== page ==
Arnold’s music hardly lets up, matching the Restoration scene with equal energy. Indeed, so vivacious is his scoring, so full of good tunes and colour, and so loud in places – Arnold keeps nothing back – that you will be swept along with the sheer vivacity of the 75-minute opera. Arnold utilises parlando and quick-fire patter, in the last part of the work deliberately, I’m sure, evoking G & S, and there are echoes of his orchestral music – in one of the early scenes, in track three, there are decided echoes of the English Dances – and it’s almost invariably the case that the orchestration itself is vividly sketched and busy. He also employs romantic writing too, as befits a love story, even a comic one, and pictorial devices – high winds enact ‘swallows’ for example in true avian style. The work’s many and varied buffo episodes draw from him appropriate responses; the Franglais of the Monsieur (a superbly characterful Mark Wilde) and the bullish gusto of Diego the Spaniard (Graeme Broadbent in prime operatic form) are painted in especially primary colours – Diego’s ‘catalogue aria’ of his many virtues, a song of self-glorification, is especially funny. The scenes in which the guitar is played, the role taken by the orchestral harp, allows moments of songful reprieve as well as provoking moments of mirth too, depending on the circumstances. But these is pathos too even in the case of the lover Gerard, whose moments of lovelorn romance are especially touching, even though there is really only one near fully rounded character, in the form of the heroine Miranda. This role is taken by Eleanor Dennis who navigates moments of ardour and exasperation with real acumen.

In a work such as this, operatic conventions are both honoured and genially subverted. The recitatives are varied, mock-solemn or droll, evocations of a Galliard appropriate and ridiculous. In the one scene where potential death lurks the orchestral tapestry frames the scene with pungent chords. Yet humour is everywhere and not of the forced variety when put over, as here, in so nuanced yet knowing a way. Is Arnold alluding to Berg’s Violin Concerto as the work draws to its conclusion – try track 19, see if you agree – though that may well be a private joke. The only difficulties are the big ensembles where it’s very difficult to follow what is being sung; their effectiveness lies in their busyness not their intelligibility, one feels. Or possibly the work hadn’t had the chance to be workshopped on stage, given there was no staging, and the only chance Arnold had to perform it was to bang out the music on the piano to duly unappreciative auditors.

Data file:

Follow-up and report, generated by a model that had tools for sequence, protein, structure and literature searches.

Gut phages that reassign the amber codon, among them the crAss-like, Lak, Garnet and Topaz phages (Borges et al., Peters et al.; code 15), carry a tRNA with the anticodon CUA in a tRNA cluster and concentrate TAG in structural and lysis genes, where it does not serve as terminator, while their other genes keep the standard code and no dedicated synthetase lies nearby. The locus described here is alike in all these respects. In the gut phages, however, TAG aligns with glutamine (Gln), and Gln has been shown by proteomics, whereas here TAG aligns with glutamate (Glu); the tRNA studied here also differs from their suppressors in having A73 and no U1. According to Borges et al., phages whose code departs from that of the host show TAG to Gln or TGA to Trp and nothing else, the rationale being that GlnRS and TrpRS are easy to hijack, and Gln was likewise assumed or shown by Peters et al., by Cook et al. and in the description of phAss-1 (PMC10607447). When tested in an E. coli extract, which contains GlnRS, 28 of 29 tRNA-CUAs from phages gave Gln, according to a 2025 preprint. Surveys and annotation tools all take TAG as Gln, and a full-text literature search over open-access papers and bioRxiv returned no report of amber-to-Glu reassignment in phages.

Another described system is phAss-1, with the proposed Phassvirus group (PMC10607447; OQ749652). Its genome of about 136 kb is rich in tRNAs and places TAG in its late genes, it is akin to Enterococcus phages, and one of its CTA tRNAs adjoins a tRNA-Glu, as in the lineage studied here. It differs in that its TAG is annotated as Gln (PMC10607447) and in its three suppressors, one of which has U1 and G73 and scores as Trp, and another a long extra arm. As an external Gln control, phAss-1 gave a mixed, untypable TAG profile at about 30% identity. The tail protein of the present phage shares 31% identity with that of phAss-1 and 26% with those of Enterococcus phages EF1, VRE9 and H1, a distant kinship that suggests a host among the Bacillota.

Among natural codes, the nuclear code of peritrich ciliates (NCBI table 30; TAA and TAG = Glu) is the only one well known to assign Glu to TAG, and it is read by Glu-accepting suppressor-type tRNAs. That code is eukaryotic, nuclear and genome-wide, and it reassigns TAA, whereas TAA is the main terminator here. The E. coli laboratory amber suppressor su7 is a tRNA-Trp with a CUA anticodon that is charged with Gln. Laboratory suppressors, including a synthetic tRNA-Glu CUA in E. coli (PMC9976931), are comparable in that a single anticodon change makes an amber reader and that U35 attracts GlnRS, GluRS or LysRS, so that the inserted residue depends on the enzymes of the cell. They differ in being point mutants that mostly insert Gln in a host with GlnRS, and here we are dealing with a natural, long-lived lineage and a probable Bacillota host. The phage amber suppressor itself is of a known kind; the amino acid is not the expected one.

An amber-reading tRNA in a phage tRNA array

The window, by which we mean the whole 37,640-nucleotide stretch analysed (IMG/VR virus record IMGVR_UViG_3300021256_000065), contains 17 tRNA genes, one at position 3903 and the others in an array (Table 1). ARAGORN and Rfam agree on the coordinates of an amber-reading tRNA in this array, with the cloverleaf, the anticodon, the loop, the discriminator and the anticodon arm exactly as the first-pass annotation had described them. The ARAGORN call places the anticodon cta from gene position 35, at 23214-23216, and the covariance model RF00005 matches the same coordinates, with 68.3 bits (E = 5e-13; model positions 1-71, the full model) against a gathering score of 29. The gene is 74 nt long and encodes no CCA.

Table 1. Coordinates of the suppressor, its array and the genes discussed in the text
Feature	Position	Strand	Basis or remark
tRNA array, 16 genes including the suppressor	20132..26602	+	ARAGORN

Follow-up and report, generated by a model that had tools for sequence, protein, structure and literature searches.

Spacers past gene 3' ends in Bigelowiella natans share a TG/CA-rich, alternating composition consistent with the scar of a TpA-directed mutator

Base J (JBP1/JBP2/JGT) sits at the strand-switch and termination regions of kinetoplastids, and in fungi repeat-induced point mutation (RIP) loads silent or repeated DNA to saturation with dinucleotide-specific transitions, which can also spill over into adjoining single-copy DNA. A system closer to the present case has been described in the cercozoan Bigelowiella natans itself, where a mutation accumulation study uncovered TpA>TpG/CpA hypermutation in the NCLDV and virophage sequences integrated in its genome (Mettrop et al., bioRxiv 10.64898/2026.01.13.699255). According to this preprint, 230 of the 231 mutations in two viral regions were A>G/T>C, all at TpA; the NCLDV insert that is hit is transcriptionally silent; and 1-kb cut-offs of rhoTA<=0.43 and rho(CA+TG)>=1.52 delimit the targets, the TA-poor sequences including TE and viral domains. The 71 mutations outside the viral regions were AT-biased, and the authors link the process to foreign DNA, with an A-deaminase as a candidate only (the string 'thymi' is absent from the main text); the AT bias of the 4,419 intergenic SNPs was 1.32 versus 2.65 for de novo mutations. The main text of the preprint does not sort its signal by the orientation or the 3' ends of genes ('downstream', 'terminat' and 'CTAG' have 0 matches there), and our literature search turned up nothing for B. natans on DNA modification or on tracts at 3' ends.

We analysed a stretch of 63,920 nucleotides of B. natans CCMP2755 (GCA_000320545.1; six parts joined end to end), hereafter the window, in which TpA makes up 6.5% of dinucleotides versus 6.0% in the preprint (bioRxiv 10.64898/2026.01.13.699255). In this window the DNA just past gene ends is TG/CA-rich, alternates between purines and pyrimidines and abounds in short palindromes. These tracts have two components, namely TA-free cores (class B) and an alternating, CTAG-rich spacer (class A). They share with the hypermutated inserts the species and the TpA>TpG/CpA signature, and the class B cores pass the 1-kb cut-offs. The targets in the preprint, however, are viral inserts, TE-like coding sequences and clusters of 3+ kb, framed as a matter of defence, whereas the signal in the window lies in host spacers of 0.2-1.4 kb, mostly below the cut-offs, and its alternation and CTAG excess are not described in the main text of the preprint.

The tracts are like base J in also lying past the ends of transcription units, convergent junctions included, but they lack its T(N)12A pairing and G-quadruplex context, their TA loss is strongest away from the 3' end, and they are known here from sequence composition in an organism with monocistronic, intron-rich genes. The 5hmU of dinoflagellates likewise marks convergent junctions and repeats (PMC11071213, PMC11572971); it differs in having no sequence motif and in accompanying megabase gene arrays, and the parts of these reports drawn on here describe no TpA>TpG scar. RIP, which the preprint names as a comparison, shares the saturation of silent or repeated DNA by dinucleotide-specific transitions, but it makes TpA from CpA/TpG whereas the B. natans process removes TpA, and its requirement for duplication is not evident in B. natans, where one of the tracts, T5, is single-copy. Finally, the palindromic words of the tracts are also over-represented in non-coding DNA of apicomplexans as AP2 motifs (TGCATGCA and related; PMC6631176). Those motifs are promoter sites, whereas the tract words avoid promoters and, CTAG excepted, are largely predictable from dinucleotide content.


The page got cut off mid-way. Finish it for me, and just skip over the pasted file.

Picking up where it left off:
Of the other characters the busy maid Prue is taken by a vivacious Catherine Carby and the voice of steadfast reserve, Mrs Caution, by Fiona Kimm. Both have time and space to mark their considerable marks. This is a true ensemble piece. The BBC Concert Orchestra fling themselves into their own roles, as the orchestra is a persona just as much as the singers, and John Andrews marshals the sometimes riotous music with a necessarily controlling force; doubtless his experience both in bel canto (there is a bit here) and British music generally went some way to equipping him to deal with Arnold’s non-stop panoply of orchestral colour and effects.

If you fancy a Restoration Ride from a symphonic master who ladles endless vivacity into his score, then don’t hold back: this is for you.

Jonathan Woolf